The goal of treatment is to stop the destruction of the red blood cells with immunosuppressive therapy. If the patient’s anemia is severe, a blood transfusion may be required. Transfusions are only given in critical situations because the new red blood cells will stimulate the patient’s immune system even if they are cross matched. In secondary IHMA, the  inciting cause is treated when possible. In dogs who do not respond well to drug therapy, surgical removal of the spleen will often help.

Females are more prone to this disease than males. According to the literature, the following breeds are predisposed: cocker spaniel, collie, English springer spaniel, French poodle, Irish setter, miniature schnauzer and old English sheepdog. In my experience, I see it in these breeds plus Yorkshire terriers and Pomeranians.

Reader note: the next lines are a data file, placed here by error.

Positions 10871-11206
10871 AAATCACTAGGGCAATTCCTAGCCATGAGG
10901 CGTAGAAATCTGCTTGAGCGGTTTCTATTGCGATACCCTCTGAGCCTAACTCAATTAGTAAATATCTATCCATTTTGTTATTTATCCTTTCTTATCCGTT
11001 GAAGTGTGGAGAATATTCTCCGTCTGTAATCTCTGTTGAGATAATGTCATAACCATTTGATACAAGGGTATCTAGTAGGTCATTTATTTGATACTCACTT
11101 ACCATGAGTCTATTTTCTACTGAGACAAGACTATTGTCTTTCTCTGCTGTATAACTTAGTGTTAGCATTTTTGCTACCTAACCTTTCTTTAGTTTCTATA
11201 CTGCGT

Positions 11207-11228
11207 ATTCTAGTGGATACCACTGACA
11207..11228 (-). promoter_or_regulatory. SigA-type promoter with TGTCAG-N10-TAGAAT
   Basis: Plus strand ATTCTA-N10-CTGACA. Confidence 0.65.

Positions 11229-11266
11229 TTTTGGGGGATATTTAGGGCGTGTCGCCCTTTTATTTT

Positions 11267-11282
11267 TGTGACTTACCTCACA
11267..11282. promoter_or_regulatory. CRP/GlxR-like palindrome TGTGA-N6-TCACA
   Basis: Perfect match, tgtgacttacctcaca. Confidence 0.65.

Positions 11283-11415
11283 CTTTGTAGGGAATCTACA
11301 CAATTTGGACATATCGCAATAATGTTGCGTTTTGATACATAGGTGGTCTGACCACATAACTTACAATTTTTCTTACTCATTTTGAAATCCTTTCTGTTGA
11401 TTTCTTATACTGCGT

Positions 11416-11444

-Vasilopulos, R. & Mackin, A. Immune Mediated Hemolytic Anemia (IMHA). VIN Associate Database, updated 11/10/2005.



You Make The Diagnosis: Rare Blood Disorder In Dog

Pictured below is the blood from a female cocker spaniel. She was anorexic, lethargic and breathing harder than normal. When I looked at her gums, they were pale. Her eyes, gums and skin, had a faint yellow tint. I placed a sample of her blood in a purple top tube. The EDTA in this tube prevents clotting so the individual cells can be analyzed. The sample immediately formed what looked like pepper in the tube. What is this condition called? What causes it?


Diagnosis: Autoagglutination